clock menu more-arrow no yes

Filed under:

STUDY IMPLICATES BEDDING IN FACE-DOWN CRIB DEATHS

Many babies whose deaths were blamed on the mysterious sudden infant death syndrome may have suffocated while lying face down on ordinary bedding, a new study suggests.

The study was performed by the same researchers who demonstrated the suffocation hazard of polystyrene bead-filled beanbag cushions made for infants.The U.S. Consumer Product Safety Commission recalled 950,000 such cushions.

The new study concludes that "a wide variety of ordinary types of bedding may be implicated in face-down SIDS deaths."

The study was presented Tuesday in Anaheim during the annual meeting of the Federation of American Societies for Experimental Biology. It was conducted by James Kemp and Bradley Thach, pediatricians at the Washington University School of Medicine in St. Louis.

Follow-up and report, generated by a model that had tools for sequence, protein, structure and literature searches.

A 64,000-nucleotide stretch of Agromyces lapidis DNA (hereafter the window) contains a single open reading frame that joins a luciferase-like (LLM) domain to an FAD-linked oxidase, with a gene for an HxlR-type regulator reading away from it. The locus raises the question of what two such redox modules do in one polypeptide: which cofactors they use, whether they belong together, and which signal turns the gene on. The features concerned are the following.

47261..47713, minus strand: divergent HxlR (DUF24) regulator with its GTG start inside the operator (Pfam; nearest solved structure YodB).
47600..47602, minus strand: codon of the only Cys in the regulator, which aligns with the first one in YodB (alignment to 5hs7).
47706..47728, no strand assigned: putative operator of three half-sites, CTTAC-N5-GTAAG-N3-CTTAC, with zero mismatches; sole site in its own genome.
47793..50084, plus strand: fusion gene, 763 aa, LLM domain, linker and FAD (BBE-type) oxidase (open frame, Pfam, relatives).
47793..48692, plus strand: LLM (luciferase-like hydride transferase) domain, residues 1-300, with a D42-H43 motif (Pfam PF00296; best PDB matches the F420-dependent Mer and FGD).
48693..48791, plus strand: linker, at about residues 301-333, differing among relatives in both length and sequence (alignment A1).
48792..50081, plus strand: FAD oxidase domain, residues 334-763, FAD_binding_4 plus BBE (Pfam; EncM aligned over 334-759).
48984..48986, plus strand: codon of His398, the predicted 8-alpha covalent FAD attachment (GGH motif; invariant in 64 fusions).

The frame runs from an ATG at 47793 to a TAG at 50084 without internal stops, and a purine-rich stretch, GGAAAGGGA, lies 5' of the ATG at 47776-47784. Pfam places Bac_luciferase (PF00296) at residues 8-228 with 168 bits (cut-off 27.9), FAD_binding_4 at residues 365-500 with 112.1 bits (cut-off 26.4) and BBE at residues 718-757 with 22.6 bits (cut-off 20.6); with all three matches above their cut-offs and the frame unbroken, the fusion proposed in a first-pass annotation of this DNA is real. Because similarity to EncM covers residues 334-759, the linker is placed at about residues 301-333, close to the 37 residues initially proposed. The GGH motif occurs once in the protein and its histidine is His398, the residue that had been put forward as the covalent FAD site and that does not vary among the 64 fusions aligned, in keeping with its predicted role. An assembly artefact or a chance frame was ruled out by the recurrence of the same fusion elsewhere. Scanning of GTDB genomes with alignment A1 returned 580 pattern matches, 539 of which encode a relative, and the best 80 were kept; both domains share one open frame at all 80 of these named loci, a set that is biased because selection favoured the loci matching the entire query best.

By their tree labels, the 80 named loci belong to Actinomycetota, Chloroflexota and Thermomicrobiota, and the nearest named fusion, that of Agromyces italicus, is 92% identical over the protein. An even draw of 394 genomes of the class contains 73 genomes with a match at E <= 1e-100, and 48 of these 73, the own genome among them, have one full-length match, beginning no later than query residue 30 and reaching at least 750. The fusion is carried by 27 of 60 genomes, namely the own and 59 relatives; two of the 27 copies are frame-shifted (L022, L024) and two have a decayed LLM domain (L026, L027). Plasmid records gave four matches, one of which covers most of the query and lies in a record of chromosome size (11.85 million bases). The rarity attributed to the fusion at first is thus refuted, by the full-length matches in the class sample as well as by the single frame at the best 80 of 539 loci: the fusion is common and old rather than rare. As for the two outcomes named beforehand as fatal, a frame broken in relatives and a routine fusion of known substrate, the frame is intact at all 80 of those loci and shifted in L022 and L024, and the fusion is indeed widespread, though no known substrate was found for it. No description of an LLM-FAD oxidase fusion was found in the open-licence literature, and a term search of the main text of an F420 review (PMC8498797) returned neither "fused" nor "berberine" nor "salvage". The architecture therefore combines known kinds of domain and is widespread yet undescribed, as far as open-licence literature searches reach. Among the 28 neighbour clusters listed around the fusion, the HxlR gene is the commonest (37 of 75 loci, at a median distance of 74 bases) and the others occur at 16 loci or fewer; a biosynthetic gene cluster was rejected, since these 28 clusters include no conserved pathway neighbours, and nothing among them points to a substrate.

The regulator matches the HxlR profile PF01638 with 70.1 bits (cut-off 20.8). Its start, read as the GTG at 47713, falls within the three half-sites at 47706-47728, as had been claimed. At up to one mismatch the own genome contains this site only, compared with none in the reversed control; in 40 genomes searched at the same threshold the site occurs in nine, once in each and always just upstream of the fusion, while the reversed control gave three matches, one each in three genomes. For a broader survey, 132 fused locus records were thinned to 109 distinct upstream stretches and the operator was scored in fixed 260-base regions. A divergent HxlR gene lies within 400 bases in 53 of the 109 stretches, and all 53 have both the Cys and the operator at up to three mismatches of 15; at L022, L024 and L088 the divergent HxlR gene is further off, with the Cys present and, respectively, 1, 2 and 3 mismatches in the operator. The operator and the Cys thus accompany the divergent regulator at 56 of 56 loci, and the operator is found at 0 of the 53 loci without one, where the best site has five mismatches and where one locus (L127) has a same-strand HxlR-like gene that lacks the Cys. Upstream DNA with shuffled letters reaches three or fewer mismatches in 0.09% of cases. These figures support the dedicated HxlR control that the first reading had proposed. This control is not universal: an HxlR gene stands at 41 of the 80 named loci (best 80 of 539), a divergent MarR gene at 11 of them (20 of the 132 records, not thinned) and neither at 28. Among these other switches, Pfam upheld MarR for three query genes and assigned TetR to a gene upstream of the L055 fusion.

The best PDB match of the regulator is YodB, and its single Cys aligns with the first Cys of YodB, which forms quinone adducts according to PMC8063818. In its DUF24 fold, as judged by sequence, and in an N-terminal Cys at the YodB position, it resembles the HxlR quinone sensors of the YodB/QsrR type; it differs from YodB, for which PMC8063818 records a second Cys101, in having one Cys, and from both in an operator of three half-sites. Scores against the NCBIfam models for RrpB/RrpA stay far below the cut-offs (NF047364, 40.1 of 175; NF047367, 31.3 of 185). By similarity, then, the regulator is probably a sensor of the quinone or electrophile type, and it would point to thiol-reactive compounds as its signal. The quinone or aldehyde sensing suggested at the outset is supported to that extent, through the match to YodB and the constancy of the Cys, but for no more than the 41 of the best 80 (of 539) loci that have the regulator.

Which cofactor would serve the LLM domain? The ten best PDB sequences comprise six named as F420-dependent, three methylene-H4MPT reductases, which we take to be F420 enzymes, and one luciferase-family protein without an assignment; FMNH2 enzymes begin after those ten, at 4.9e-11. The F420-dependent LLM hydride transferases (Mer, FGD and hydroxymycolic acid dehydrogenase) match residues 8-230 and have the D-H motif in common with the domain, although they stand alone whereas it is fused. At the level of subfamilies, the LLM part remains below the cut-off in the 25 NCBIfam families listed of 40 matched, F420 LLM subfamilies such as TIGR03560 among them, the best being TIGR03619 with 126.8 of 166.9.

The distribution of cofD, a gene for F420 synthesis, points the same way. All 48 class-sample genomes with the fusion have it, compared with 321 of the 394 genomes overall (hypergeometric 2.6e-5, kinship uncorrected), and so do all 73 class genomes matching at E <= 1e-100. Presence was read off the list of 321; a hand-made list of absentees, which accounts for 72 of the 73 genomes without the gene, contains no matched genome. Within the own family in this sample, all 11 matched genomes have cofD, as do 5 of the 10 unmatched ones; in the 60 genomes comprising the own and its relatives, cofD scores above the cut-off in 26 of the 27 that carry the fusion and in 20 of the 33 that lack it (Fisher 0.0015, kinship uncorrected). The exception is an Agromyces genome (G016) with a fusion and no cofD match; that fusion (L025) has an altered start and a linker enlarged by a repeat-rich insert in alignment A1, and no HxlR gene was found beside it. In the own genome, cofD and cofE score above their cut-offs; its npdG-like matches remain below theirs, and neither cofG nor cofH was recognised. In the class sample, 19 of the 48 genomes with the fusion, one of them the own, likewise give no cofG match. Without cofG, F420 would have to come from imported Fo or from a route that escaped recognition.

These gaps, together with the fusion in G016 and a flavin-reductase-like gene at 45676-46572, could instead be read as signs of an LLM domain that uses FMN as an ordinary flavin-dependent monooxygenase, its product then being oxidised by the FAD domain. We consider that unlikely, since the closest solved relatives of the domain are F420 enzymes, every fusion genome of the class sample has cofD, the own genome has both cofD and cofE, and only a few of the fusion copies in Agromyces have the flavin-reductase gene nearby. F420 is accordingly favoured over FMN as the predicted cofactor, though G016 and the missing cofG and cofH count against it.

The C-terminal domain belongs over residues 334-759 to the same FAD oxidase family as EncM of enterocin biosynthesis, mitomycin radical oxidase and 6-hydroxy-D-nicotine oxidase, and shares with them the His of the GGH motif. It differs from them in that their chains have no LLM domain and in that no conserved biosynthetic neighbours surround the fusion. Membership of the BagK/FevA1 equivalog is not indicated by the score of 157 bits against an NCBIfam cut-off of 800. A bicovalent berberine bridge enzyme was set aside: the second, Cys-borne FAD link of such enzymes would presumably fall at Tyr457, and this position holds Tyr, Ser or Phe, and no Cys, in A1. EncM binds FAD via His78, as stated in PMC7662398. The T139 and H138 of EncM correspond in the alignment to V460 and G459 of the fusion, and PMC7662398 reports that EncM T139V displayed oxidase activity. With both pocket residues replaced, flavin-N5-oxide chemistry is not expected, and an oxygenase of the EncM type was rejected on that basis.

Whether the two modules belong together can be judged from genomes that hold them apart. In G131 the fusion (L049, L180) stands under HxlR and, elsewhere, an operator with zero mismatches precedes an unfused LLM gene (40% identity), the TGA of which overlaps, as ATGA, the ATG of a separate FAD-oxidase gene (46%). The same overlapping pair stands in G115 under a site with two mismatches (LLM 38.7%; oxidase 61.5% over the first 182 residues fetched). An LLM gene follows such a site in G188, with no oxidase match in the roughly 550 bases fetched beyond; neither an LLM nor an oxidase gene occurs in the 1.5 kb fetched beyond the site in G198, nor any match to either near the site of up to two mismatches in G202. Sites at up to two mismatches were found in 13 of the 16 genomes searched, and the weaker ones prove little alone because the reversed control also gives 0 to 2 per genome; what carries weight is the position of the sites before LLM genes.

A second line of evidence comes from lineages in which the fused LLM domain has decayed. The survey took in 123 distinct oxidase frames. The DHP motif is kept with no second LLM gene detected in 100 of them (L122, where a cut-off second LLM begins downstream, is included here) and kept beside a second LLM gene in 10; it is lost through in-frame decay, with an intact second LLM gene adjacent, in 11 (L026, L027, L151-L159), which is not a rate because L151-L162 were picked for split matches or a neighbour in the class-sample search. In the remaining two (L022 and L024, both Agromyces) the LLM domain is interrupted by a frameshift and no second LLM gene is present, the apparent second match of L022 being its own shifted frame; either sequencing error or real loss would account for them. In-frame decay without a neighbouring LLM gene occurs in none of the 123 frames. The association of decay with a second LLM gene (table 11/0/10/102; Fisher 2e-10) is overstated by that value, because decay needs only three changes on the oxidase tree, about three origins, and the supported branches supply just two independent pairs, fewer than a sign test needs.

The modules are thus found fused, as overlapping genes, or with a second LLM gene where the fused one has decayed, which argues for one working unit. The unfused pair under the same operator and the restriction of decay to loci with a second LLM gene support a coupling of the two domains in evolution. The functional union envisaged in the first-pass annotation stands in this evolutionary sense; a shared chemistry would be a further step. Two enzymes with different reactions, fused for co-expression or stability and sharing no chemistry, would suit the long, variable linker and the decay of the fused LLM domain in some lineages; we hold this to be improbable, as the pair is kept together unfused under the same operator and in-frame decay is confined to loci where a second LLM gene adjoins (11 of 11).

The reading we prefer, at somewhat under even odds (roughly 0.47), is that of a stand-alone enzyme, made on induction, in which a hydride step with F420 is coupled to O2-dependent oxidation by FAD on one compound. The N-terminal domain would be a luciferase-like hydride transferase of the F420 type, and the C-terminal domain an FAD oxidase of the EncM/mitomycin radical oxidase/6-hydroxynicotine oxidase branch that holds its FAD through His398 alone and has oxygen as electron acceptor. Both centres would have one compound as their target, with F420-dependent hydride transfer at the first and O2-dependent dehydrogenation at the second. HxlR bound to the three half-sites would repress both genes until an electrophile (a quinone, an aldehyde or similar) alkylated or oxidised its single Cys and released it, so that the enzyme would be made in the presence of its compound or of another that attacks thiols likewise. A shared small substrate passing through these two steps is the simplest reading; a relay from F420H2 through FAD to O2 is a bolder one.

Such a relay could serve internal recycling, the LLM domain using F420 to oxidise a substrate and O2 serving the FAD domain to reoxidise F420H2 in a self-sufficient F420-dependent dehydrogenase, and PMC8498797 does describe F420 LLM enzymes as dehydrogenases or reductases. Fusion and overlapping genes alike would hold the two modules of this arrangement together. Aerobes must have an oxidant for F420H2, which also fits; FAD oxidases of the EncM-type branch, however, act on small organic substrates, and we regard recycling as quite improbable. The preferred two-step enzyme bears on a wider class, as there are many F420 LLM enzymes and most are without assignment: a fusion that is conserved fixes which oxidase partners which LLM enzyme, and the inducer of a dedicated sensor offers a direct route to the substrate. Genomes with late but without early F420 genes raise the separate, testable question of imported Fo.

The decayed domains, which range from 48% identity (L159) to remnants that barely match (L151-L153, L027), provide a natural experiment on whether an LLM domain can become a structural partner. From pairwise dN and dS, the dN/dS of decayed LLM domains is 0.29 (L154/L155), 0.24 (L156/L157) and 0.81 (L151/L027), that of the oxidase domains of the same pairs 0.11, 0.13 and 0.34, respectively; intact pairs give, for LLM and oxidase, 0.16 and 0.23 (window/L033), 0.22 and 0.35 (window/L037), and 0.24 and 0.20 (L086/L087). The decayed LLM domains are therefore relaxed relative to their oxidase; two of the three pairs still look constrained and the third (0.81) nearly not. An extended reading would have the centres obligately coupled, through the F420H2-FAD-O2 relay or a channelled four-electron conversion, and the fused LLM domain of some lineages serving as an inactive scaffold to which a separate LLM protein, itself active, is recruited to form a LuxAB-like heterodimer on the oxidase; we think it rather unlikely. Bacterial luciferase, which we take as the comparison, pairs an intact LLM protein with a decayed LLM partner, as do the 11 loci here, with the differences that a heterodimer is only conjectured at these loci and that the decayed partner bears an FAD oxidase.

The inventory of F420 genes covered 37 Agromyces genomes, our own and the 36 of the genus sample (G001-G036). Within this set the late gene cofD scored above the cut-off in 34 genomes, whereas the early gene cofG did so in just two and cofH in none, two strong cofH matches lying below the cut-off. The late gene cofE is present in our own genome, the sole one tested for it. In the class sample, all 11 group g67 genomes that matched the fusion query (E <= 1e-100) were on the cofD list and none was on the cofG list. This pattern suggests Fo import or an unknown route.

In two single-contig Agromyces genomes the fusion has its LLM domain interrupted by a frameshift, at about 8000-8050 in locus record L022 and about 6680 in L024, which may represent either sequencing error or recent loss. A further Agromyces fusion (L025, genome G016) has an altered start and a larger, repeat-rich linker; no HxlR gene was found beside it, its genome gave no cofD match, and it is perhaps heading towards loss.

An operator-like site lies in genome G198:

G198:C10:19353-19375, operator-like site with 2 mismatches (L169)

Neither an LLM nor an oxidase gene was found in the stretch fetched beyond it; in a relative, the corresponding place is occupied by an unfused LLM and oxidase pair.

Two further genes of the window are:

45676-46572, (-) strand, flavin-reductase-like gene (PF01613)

"Perhaps one in four of sudden, unexplained infant deaths may be explained by exhaled carbon dioxide being trapped around the baby's face by bedding such as pillows, comforters and foam beds," Kemp said.

SIDS, also known as crib death, kills about 7,000 infants annually in the United States. Many possible causes have been proposed; none has been proved.

Thach and Kemp said studies around the world indicate at least one-fourth of presumed SIDS victims were found face down in bedding. They should be investigated as possible suffocation deaths, Thach said.

In their study, Kemp and Thach made rabbits breathe through a model of an infant airway pressed against bedding materials on which infants died. That test and a new mechanical test suggested five types of bedding can suffocate infants by trapping exhaled carbon dioxide, allowing children to rebreathe the gas without getting enough oxygen.

The types of bedding were a synthetic-filled adult pillow, a 31/2-inch-thick foam couch cushion, a 11/2-inch-thick foam pad covered with a comforter, a sheepskin sold as an infant bed, and a soft infant bassinet cushion covered by a blanket.

Last summer, the New England Journal of Medicine published a study in which Kemp and Thach used rabbits to show how infants could suffocate on beanbag cushions.